Beachy Head – Hannah Barker, Lewis Hetherington, Liam Jarvis, Emma Jowett, and Dan Rebellato

beachyhead

Orig­i­nally pro­duced by Ana­logue at South Hill Park on July 21, 2010 prior to a 4-week run at the Edin­burgh Fringe Fes­ti­val.  A revised ver­sion was first per­formed on Feb­ru­ary 2, 2011 at the Drum The­atre, The­atre Royal Plymouth.

Orig­i­nal Cast:

Dr. Rachel Samp­son                                        Han­nah Barker
Stephen 
                                                           Sam Tay­lor
Amy                                                                    Emma Jowett
Joe                                                                    Lewis Het­her­ing­ton
Matt                                                                   Dan Tobin

Direc­tor:  Liam Jarvis and Han­nagh Barker
Orig­i­nal Music:  Simon Slater
Mul­ti­me­dia Design:  Thor Hay­ton, VI Cre­ative Media
Light­ing Design:  Edmund McKay
Sound Design:  Alexan­der Gar­fath
Stage Man­ager:  Simon Wheeler

Pub­li­ca­tion:  Rebel­lato, Dan, and Ana­logue. Beachy Head. Oberon Mod­ern Plays, 2011. Drama Library PR6035.E36 B43 2011

Set­ting:  East­bourne Dis­trict, East Sus­sex in the South of Eng­land; present day.

Lan­guage:  Con­tem­po­rary

AMY

Stephen was very private.

He didn’t share what was in his head.

I think he must have felt very alone.

And maybe on top of that cliff most of all.

It must have felt like the loneli­est place on earth.

Genre/Style:  Drama

Plot:   A month has passed since Stephen com­mit­ted sui­cide by jump­ing from the Beachy Head cliffs. His widow, Amy, fights to under­stand why with the help of a hos­pi­tal pathol­o­gist and two doc­u­men­tary film­mak­ers, Joe and Matt, who, unbe­knownst to Amy, Joe and Matt acci­den­tally filmed Stephen as he leapt to his death.  The play exam­ines the effect one person’s act can have on the lives of the peo­ple around them as they strug­gle to under­stand what might, in the end, be unknow­able.  A large part of the plays the­atri­cal­ity comes from mul­ti­me­dia effects that the text tries to describe, but some­times it’s still dif­fi­cult to imag­ine what’s hap­pen­ing on stage.  How­ever, some of the most evoca­tive images come from the text itself devoid of any stage­craft.  In the end, the play feels like an hon­est explo­ration of a dif­fi­cult sub­ject divorced from melo­drama or sensationalism.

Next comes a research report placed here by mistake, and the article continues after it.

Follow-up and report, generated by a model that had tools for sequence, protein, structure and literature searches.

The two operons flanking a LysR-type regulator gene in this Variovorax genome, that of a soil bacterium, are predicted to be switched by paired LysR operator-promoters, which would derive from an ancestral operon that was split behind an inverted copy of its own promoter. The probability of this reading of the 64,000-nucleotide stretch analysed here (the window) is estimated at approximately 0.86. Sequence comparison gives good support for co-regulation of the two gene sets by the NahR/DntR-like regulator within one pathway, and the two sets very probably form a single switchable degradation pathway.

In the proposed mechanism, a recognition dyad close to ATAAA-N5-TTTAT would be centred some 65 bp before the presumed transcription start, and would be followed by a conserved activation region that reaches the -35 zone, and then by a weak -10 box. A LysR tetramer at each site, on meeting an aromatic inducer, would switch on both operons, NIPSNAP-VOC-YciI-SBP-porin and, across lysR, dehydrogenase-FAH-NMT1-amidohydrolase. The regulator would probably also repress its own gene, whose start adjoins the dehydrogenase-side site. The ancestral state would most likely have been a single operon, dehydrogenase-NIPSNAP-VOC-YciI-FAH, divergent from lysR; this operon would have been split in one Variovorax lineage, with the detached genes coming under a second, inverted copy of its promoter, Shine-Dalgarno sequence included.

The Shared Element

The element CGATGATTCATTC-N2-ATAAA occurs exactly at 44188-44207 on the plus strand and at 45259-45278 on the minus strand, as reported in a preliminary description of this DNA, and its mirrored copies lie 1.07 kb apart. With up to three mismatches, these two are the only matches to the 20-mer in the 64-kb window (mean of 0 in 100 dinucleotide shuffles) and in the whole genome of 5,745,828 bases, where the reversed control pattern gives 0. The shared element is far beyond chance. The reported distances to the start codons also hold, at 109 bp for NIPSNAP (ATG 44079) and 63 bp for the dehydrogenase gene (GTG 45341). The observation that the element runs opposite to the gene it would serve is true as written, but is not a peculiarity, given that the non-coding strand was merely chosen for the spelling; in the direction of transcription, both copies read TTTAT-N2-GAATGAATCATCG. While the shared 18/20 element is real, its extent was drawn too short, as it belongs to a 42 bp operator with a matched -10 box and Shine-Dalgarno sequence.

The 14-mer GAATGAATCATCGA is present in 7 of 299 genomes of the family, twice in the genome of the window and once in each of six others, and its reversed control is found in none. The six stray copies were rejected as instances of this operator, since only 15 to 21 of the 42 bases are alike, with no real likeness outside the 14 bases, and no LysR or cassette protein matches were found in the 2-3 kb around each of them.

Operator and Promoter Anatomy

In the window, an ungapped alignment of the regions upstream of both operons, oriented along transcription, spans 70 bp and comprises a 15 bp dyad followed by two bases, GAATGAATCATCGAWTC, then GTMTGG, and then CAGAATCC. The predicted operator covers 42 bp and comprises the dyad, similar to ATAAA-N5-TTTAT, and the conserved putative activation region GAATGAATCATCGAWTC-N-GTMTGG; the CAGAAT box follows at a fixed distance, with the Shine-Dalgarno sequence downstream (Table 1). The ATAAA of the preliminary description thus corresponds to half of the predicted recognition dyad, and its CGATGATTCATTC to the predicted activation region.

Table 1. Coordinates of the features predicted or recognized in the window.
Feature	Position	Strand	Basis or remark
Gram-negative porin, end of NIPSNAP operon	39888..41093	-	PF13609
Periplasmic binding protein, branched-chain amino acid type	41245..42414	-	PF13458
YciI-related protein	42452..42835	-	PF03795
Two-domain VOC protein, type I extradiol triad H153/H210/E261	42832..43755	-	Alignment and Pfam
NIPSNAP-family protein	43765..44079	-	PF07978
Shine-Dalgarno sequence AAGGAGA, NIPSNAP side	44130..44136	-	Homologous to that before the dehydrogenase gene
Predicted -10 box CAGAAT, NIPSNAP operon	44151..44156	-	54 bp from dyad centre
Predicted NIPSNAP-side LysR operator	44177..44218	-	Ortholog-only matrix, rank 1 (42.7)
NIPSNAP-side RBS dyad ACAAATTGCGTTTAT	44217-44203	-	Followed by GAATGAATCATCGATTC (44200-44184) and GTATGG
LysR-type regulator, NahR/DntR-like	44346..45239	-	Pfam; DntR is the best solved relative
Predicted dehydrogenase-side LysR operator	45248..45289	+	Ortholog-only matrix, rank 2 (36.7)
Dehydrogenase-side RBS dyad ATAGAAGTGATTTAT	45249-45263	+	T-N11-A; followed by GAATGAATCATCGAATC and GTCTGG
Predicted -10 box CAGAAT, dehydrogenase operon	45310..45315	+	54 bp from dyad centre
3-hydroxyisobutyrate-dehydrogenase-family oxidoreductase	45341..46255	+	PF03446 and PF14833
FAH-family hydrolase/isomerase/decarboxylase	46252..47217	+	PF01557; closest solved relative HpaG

Rep­re­sen­ta­tive Mono­logues:  Mono­logues con­tain the first few lines and the last few lines; please con­sult the pub­lished text for the mono­logue in its entirety.

p.21:  Rachel, a pathol­o­gist, explains the sta­tis­tics of death and sui­cide in Joe and Matt’s documentary.

RACHEL

Peo­ple are dying all the time; that’s just how it is. If we were to, what, take on every case, we’d be over­whelmed. Emo­tion­ally I mean. Look, the pop­u­la­tion of the world is let’s say around 6.8 billion.

And around 57 mil­lion peo­ple die each year. So with 57 mil­lion peo­ple dying each yar that means some­one dies roughly every half a second.

[Lines cut]

One death in around 9000 is a sui­cide. It’s slightly over that, I for­get the exact figure—it’s on the World Health Organ­i­sa­tion web­site. But for the sake of argu­ment let’s say it’s 1 in 9000. So 1 in every 9000 half sec­onds is a sui­cide. Which means that, on aver­age, some­one will kill them­selves in the next hour and a quarter.

p.64:  Rachel is being inter­viewed for the documentary.

RACHEL

If you find your­self think­ing, this is someone’s son, this is someone’s lover, of course you won’t cut them open. You have to appre­ci­ate that bod­ies some­times  are just bod­ies. Wher­ever they were found, what­ever they did, what­ever their plans and projects, their inti­ma­cies, their dark­ness.  [Lines cut] Some­times for a sec­ond you catch your­self look­ing at a room of peo­ple as pop­u­lated by a series of organic com­pos­ites in vary­ing states of decay. But that’s just stuff and we’re not just stuff.

 

Rep­re­sen­ta­tive Scenes: 

p. 32–34:  Joe and Matt debate whether they should delete the footage of Stephen’s sui­cide, and in the end, decide not only not to get rid of the footage, but also to make a doc­u­men­tary film about his sui­cide. Starts with

JOE

                It seems dis­re­spect­ful somehow.

and ends with

JOE

It could be extraordinary.

p. 60–63:  Joe and Matt argue about when they’re going to tell Amy that they have the footage of Stephen’s jump; Joe is delay­ing and Matt wants to tell her right away.  Starts with

MATT

Okay, Joe, look at me.

Look at me.

She trusts us.

and ends with

JOE

Are you com­ing back?

p. 67–70:  Joe tries to get Amy to talk about Stephen’s last moments; Amy finds out about the footage.  Starts with

JOE

                Put your­self there, Amy. Imag­ine him.

and ends with

JOE

                I’m so sorry.

 

 

Select Bib­li­og­ra­phy of Reviews and Crit­i­cism:  (Note:  arti­cle title links are to the online ver­sions, mostly UW-only restricted unless des­ig­nated as open access.)

Bas­sett, K. (2009, Aug 16). A tale of sui­cide, sad­ness and life on the edge. The Inde­pen­dent on Sun­day, pp.60.

Brown, A. (2009, Aug 23). The fatal attrac­tion of beachy head. Sun­day Times, pp. 13.

Con­tro­ver­sial play takes a leap of faith.(2011, Mar 19). West­ern Mail, pp. 37.

Gard­ner, L. (2009, Aug 10). Review: Unhappy end­ings laid bare in a chill­ing show: Edin­burgh the­atre: Beachy head pleas­ance dome, edin­burgh 4/5. The Guardian, pp.32.

The last eight sec­onds of a man’s life is a piv­otal moment in play.(2011, Jan 28). The West­ern Morn­ing News, pp. 21.

McMil­lan, J. (2009, Aug 15). Reviews: Beachy head/ daniel kitson/ suck­erville: Find­ing clo­sure. The Scots­man, pp.13.

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